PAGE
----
Exhibitions

Transformations: Recent Contemporary African Acquisitions

February 22, 2009 – June 14, 2009

Transformations features two spectacular, large-scale metal “tapestries” by celebrated artist El Anatsui, as well as important paintings, prints and sculptures by Viyé Diba, Yelimane Fall, Norman Kaplan, Wosene Kosrof, Azaria Mbatha, Moussa Tine and Durant Sihlali, all recently acquired as part of the Fowler’s ongoing commitment to exploring the vast range of African artistic expression.

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Exhibition In Depth

Transformations presents works by eight artists of African heritage who explore the potential of their mediums to engender new forms, histories, and intentions. They have pushed the limits of the materials with which they work to elicit different textures, colors, layers, shapes, and dimensions.

Included are two recently acquired works by acclaimed artist El Anatsui: Fading Scroll, 2007, co-purchased this year by the Fowler and the Los Angeles County Museum of Art with major support from The Broad Art Foundation, and Versatility, 2006. El Anatsui’s work garnered copious praise and attention last year at the 2007 Venice Biennale and in the traveling exhibition, El Anatsui: Gawu, which appeared at the Fowler Museum in 2007.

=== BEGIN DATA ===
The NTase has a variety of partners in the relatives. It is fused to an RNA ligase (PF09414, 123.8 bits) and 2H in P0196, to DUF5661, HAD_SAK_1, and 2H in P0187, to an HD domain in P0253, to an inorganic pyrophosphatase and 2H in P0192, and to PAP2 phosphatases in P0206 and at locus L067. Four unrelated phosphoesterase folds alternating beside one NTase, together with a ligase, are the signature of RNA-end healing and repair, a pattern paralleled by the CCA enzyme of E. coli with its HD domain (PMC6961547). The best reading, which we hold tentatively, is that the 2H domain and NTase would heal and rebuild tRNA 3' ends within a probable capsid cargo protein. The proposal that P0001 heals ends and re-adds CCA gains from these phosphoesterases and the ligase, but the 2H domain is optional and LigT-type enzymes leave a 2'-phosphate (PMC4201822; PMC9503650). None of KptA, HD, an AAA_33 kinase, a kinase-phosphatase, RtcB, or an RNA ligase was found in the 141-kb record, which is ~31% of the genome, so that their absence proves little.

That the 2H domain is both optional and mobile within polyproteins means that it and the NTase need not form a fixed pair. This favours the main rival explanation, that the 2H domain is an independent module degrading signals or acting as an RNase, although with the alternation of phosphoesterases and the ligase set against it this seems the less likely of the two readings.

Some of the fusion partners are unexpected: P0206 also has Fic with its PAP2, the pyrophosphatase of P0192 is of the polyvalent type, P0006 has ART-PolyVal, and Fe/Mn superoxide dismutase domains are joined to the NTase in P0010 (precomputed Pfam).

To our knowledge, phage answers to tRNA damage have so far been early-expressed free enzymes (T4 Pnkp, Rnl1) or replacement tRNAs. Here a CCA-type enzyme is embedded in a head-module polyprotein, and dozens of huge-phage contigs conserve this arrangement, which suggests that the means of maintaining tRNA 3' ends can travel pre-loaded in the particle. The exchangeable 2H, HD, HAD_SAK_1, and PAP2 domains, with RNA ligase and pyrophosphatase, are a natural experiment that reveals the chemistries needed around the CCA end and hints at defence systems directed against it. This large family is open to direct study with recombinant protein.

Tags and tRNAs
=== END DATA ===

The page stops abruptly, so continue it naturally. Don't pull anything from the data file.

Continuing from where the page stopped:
Transformations also features paintings, linocut prints, and sculptures by seven other artists—Viyé Diba, Yelimane Fall, Norman Kaplan, Wosene Kosrof, Azaria Mbatha, Moussa Tine and Durant Sihlali—typifying the daring, resourceful artistic production occurring in African cities today. Their work and careers are both global and local, in that they participate in international art biennials, residencies, and other exhibitions, while at the same time creating art grounded in the realities of everyday life in Africa: concerns about consumerism and poverty, religion in problem solving, histories and realities of segregationist politics, and people’s roles in the economic cycles.

Exhibition Credits

Funding for the accompanying programs was provided by the Yvonne Lenart Public Programs Fund, and Manus, the support group for the Fowler Museum at UCLA.